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Freedom in the Present Age

In the face of the atrocities which we are witnessing today—war, the culture of death, etc.—several fundamental questions about modern human beings trouble our minds, particularly those concerning liberty. In his encyclical Veritatis Splendor, Pope John Paul II writes: “The human issues most frequently debated and differently resolved in contemporary moral reflection are all closely related, albeit in various ways, to a crucial issue: human freedom.[1] Modern people claim freedom of conscience, of speech, and of action to decide on their actions on grounds of duty and conscience, without external pressure or coercion.[2]

This concept of liberty forms the basis of various schools of thought, some of which diverge from the truth of human beings as creatures in the image of God. Certain currents of modern thought, Pope St John Paul II underlines, have gone so far as to exalt freedom to such an extent that it becomes an absolute, which would then be the source of values. This is the direction taken by doctrines which have lost the sense of the transcendent or which are explicitly atheist.[3] This reflection is hinged on two approaches: the subjective approach and the Christian approach to freedom.

  1. The subjective approach to freedom

The contemporary conception of freedom claims to suppress God in the life of humans. According to the theories wrongly developed in this era, human freedom is a proof of the non-existence of God. Jean Paul Sartre states one of the theories which absolutise human freedom by postulating the non-existence of God: Either humans are free and God does not exist, or God exists and humans are not free. But since people are free, God does not exist.[4] These different theories gave people the illusion to think of themselves as masters of their future and of their lives. Certain theories, following the example of Neitzsche, did not hesitate to declare the death of God. Thinking along these lines is at the origin of the pseudo-anthropological conception of humans created in the image and likeness of God. Among the corollaries arising from this erroneous conception of freedom are: secularization, relativism, subjectivism, etc.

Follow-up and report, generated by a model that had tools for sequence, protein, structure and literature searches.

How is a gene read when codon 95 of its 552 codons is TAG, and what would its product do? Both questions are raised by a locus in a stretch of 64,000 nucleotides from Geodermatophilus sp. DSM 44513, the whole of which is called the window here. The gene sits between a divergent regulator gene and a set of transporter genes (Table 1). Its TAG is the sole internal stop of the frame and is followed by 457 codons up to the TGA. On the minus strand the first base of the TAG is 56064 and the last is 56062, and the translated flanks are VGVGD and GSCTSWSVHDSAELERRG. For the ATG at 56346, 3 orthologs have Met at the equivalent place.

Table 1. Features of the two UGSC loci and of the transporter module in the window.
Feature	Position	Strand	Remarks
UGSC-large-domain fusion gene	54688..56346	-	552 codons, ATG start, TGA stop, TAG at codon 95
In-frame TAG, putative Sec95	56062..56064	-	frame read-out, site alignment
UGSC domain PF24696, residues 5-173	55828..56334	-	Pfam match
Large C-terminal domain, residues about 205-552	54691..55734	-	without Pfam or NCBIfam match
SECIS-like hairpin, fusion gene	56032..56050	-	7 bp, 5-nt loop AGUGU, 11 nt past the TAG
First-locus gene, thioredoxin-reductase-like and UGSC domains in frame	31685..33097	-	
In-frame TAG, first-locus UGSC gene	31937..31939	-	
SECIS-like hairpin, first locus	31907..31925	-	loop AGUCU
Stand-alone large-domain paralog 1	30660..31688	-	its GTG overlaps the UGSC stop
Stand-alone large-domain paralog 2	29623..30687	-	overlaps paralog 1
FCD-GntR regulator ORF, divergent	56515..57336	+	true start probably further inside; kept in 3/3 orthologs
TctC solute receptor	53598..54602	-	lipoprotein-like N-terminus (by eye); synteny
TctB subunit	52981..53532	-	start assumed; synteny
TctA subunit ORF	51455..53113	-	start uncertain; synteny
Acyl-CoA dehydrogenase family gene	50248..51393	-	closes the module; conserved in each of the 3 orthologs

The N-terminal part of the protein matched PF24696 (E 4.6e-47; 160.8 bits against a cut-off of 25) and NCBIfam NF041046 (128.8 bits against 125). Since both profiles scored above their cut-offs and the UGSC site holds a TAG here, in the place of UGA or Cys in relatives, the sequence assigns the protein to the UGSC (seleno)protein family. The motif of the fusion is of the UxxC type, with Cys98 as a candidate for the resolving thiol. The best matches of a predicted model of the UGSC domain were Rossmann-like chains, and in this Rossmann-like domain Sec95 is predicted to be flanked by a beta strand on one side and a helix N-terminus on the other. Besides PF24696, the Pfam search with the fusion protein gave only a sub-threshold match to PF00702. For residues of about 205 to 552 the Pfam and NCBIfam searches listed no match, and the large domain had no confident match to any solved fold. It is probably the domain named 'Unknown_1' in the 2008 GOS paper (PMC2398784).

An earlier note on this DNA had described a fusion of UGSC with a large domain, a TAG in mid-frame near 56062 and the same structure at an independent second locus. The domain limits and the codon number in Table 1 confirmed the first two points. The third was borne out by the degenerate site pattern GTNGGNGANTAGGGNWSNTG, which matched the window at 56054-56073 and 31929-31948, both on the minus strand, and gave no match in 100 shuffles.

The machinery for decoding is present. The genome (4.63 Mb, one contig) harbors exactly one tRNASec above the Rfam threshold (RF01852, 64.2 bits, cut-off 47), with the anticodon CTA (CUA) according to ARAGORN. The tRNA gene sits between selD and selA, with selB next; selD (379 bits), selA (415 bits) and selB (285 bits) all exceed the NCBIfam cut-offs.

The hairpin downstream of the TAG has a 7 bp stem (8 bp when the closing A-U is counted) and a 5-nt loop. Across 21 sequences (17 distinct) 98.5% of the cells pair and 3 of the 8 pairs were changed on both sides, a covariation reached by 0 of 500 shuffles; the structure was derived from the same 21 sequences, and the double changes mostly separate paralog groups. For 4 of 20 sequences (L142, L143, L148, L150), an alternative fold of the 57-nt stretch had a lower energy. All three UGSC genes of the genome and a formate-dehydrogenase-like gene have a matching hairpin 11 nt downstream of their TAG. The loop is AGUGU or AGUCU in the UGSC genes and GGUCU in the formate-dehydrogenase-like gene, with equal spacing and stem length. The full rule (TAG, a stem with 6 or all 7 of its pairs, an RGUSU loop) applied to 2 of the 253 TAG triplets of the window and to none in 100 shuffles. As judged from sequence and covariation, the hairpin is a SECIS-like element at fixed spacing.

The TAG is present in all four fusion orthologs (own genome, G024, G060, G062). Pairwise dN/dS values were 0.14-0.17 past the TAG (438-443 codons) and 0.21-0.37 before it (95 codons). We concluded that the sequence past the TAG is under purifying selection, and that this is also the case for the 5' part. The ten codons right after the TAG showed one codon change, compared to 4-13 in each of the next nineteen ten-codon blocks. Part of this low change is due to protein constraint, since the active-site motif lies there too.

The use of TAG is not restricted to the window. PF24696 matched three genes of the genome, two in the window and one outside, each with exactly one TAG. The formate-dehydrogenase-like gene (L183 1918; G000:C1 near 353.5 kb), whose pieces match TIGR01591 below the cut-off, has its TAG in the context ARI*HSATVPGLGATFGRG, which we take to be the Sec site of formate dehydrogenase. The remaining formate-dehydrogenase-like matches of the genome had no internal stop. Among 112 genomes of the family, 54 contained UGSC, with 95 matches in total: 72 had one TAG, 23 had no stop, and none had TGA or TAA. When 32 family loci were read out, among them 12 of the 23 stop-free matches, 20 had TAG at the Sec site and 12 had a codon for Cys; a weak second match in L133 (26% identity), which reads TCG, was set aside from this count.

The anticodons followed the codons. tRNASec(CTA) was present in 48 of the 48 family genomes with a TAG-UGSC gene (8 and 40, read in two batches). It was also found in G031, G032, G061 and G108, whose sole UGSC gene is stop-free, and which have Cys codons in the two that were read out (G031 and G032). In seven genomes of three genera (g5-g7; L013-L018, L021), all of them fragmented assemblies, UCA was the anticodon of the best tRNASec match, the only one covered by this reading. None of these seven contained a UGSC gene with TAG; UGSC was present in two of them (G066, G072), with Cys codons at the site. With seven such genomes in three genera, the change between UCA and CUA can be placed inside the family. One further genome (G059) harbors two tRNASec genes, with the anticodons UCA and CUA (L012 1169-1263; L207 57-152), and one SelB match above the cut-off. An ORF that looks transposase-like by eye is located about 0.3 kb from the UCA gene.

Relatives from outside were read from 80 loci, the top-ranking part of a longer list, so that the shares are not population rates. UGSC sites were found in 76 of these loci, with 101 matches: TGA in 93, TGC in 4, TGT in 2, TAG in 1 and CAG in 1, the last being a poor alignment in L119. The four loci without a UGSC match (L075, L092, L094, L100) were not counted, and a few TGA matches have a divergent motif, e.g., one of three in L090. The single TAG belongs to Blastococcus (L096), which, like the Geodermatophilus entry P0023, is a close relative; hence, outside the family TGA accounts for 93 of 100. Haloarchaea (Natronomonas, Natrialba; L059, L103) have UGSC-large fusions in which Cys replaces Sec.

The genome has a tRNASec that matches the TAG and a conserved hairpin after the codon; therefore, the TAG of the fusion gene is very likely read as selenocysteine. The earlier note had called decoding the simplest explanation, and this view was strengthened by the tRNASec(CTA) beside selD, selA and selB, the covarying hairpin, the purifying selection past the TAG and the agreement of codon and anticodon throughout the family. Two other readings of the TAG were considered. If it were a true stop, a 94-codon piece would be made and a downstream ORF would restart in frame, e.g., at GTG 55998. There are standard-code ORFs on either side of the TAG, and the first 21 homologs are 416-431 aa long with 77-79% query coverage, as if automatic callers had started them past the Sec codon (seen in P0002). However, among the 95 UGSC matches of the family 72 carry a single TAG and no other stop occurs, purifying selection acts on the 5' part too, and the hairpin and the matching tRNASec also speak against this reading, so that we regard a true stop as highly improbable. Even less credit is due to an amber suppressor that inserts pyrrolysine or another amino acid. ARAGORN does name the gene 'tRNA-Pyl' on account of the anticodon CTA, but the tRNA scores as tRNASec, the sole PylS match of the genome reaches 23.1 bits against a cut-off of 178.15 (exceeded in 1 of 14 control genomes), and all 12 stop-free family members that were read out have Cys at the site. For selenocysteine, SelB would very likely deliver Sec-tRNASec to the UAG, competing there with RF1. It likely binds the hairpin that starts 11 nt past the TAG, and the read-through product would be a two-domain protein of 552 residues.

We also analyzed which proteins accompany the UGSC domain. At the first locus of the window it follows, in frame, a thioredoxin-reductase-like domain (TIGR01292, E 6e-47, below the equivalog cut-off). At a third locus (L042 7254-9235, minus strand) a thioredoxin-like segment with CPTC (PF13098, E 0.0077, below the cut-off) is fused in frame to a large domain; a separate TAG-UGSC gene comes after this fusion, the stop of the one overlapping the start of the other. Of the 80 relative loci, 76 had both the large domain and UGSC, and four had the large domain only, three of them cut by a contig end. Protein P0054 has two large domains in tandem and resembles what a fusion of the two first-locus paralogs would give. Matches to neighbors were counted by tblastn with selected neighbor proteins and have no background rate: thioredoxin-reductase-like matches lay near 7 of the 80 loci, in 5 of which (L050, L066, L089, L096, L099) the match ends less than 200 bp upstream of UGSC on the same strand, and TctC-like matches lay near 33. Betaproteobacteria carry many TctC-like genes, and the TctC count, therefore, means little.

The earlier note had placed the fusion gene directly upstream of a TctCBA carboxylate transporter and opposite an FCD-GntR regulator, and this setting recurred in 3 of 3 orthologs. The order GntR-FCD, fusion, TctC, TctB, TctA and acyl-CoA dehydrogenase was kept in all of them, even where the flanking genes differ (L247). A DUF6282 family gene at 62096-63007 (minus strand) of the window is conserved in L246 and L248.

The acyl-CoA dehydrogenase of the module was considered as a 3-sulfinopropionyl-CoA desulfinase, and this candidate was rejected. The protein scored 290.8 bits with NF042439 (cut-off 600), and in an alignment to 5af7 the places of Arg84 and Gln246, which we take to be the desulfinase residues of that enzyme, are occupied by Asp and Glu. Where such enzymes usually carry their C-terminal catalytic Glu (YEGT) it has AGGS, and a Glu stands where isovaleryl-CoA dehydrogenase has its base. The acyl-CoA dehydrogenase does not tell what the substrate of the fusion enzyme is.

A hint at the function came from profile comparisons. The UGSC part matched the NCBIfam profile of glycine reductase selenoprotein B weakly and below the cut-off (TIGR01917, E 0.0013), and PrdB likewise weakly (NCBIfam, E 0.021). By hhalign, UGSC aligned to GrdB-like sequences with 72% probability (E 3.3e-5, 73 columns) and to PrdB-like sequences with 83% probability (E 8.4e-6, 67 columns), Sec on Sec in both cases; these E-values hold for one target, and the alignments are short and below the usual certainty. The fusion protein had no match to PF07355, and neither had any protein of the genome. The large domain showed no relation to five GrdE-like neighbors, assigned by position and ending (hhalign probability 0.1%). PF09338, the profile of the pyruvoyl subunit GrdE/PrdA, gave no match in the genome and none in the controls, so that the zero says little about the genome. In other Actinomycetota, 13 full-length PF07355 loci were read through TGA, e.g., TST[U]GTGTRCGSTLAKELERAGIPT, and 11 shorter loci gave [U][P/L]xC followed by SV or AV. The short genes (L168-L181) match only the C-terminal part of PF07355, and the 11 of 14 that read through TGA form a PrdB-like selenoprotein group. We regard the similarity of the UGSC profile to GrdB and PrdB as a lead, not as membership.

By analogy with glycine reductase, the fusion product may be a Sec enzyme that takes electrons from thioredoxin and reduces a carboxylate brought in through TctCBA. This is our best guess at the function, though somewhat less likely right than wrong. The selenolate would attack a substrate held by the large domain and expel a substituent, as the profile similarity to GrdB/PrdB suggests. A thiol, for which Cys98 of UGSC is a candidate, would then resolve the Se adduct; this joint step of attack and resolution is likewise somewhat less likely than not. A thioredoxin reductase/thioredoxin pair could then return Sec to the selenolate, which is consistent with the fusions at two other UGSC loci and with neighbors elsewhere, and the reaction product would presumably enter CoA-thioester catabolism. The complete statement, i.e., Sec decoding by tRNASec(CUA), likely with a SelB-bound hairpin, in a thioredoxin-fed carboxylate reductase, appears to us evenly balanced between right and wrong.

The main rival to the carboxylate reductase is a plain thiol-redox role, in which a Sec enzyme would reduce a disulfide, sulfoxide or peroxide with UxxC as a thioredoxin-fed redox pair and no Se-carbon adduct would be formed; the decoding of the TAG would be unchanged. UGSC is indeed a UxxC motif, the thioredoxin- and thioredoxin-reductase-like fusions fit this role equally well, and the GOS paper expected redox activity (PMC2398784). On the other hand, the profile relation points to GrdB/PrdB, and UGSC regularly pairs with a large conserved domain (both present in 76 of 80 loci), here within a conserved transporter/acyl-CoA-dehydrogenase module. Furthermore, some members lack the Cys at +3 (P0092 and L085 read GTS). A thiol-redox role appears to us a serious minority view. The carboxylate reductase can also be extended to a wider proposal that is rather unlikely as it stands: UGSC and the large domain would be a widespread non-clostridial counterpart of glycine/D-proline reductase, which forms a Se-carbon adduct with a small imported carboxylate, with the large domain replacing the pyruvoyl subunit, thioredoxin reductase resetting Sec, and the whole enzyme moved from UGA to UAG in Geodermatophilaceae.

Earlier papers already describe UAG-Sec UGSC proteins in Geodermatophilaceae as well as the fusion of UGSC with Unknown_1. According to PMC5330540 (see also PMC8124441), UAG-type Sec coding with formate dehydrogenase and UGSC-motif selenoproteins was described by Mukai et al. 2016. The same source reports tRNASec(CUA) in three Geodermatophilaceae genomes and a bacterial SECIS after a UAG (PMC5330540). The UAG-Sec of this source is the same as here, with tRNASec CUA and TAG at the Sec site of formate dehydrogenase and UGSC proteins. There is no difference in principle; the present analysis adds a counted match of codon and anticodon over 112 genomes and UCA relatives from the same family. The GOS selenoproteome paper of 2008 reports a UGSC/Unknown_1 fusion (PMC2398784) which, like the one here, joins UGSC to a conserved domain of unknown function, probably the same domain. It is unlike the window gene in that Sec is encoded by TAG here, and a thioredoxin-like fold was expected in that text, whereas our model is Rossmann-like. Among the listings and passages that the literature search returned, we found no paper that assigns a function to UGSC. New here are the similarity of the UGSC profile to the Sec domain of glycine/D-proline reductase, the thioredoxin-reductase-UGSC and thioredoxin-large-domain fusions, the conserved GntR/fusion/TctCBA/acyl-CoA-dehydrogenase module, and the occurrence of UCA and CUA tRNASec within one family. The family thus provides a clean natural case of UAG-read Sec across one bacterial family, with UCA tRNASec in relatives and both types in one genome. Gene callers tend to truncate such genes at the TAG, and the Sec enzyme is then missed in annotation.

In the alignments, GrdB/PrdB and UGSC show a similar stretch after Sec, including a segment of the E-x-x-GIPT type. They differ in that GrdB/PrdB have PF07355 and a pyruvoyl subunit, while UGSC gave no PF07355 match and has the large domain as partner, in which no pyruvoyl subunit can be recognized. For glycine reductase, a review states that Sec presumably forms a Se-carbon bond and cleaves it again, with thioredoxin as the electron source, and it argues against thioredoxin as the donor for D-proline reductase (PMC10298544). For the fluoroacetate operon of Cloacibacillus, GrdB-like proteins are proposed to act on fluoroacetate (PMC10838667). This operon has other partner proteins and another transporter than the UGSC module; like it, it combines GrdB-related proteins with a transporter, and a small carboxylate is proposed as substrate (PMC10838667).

Subjectivism, which attracts our attention, is the fact of attributing to individual liberty the prerogative of being the supreme judge to autonomously determine good and evil, and to act accordingly. This leads to subjectivism in all its forms—social, cultural, intellectual, ethical, affective—with a tendency to suppress the other, and this other par excellence, is God. The ideology of modernism makes humans into an island closed in on themselves: I have the task of forming my own identity by my free choices: The unattached individual. According to the ethicist Marcus Ndongmo, this person is an individual turned in on himself, raised to the level of the first and last point of reference, the centre of his or her own decisions. S/he is a solitary individual, a being without prop or guardian, claiming to be totally free.[5] Individualism supported by the modern ideology does not capture the essence of a person, because to be free, don’t we need otherness and community in order to exist? We are always free in relation to others. No being is a monad, an island closed in on itself. It is essentially openness to the cosmos, to otherness, and to transcendence. We find this truth about human nature in the Christian conception.